Dr. Evangelos Ntontis discusses shared social identity, the role of social groups during disasters and how they emerge and evolve in the post-disaster period.
In our work we apply principles from the social psychological theory of groups to identify the elements that can make communities respond and recover more effectively from disasters. The key term here is ‘shared social identity’, which refers to people’s sense of belonging in the same social group. Social groups play a key role in disasters. During disasters people spontaneously form groups and provide each other practical and emotional support. In social psychological terms, it appears that residents come to share a social identity, which is the basis of what has been termed as ‘collective psychosocial resilience’. This refers to ‘the way that a shared identity allows groups of survivors to express and expect solidarity and cohesion, and thereby to coordinate and draw upon collective sources of support’ (Drury et al., 2019, p.1). This approach is aligned with what is now termed the ‘social cure’ – the notion that groups can positively affect wellbeing by providing their members with a sense of belonging and social support. Since groups that spontaneously appear in disasters can play a key role in mobilising social support and enhancing community resilience, two key questions emerge – how do such groups emerge and how do they evolve in the post-disaster period?
In relation to their emergence, we conducted interviews with residents of York, UK, shortly after the 2015 flooding. We found that residents came to experience a shared social identity due to experiencing common fate. For some, this sense of common fate came from experiencing the same distressing incident. For others, it was the experience of community-wide problems following the floods such as looting or organising to tackle the perceived inefficiency of the local authorities. Nevertheless, shared social identity became the psychological basis for the mobilisation of practical, emotional, and collective support, as well as increased expectations of support from others perceived as fellow group members. Similar findings come from a range of disasters and mass emergencies such as the 2010 Chile earthquake and the 2005 London bombings.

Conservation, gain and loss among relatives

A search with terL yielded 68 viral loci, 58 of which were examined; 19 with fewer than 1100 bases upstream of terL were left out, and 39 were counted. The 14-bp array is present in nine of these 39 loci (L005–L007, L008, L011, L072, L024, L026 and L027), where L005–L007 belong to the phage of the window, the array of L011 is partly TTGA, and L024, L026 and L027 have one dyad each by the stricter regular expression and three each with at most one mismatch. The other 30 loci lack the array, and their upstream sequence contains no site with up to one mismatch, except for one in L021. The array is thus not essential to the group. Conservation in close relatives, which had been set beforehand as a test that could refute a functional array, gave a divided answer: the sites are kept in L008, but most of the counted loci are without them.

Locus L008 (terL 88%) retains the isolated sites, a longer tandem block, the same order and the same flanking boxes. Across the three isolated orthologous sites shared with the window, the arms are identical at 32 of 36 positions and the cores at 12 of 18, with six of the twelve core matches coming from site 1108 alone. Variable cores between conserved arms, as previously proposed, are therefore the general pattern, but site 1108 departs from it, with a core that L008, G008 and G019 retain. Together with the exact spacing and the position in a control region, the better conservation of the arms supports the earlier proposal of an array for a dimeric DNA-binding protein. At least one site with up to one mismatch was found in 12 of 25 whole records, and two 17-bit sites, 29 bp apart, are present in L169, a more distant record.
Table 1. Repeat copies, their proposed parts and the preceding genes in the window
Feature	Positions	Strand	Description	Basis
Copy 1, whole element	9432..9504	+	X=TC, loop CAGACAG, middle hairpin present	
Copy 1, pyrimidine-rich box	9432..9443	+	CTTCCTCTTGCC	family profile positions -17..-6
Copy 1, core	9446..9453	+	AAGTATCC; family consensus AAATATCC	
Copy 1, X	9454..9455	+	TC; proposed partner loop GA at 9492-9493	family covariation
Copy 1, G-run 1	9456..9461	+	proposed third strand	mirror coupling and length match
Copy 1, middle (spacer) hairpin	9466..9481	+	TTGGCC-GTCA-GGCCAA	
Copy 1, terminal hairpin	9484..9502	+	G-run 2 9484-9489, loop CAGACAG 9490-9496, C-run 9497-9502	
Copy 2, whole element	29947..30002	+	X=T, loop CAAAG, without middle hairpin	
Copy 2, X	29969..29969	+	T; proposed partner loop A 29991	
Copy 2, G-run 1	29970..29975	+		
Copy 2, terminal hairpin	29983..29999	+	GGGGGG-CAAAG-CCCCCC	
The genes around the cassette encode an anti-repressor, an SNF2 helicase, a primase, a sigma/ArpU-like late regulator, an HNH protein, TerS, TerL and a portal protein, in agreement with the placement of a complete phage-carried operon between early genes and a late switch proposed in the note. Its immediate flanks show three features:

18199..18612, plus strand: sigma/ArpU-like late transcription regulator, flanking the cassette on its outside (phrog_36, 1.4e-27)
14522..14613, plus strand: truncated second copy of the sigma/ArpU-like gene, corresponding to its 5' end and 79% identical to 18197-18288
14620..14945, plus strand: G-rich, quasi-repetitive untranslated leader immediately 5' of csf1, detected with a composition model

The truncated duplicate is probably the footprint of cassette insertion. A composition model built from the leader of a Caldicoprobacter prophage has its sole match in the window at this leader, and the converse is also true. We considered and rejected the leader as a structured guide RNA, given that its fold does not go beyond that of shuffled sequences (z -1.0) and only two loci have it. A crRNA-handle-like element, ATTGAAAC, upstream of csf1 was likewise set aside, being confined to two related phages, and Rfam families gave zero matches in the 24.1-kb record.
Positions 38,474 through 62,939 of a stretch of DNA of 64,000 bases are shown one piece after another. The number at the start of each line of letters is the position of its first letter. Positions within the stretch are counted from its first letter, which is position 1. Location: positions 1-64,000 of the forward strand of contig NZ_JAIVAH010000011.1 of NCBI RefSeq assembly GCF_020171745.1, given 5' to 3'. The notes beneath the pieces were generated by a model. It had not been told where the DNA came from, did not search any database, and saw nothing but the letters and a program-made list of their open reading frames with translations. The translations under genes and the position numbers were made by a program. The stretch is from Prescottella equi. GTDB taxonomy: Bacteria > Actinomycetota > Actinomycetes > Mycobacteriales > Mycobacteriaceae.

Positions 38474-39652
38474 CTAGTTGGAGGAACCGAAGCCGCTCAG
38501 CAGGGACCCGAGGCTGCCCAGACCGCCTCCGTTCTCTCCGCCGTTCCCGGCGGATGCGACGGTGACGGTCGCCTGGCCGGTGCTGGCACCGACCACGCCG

We were also interested in how emergent groups endure or decline in the aftermath of the disaster. We interviewed York residents 15 months after the floods, finding that shared social identity had declined for some participants due to the absence of common fate. Importantly, some participants from minority groups reported inequality and discrimination in relation to the social support they received, which eroded the initial sense of togetherness. However, for others shared social identity persisted. For some, the bonds formed during the disaster persisted long after the aftermath. Also, receiving social support was positive in maintaining residents’ sense of belonging, whereas a third group actively maintained the identity associated with the community spirit through commemorations to celebrate the community’s recovery.
Overall, we argue that community resilience theory, policy, and practice should incorporate current understandings of group psychology. Further attention should be paid to emergent groups, and their operation should be considered in planning guidance. Also, a key task is to consider how community groups can be maintained. The provision of shared spaces that facilitate interaction and strengthen bonds between residents, as well as allowing the expression of community identity through commemoration can assist in strengthening residents’ bonds as well as increase trust towards the authorities. After all, community resilience isn’t only a matter of infrastructure but also of appropriate social relationships.
By Dr Evangelos Ntontis
Biography: Dr Ntontis is a lecturer in social psychology at the School of Psychology, Politics, and Sociology at Canterbury Christ Church University. He completed his PhD at the School of Psychology at the University of Sussex in 2018 and was a member of John Drury’s ‘Crowds and Identities’ research group. His interests lie in collective behaviour and the ways it can be shaped by our group identities.
This article was posted on 3rd February 2020 by Communities Prepared Team. Communities Prepared is a nationwide community resilience programme which prepares communities across the country in dealing with emergencies, offering a a range of training resources, advice and support.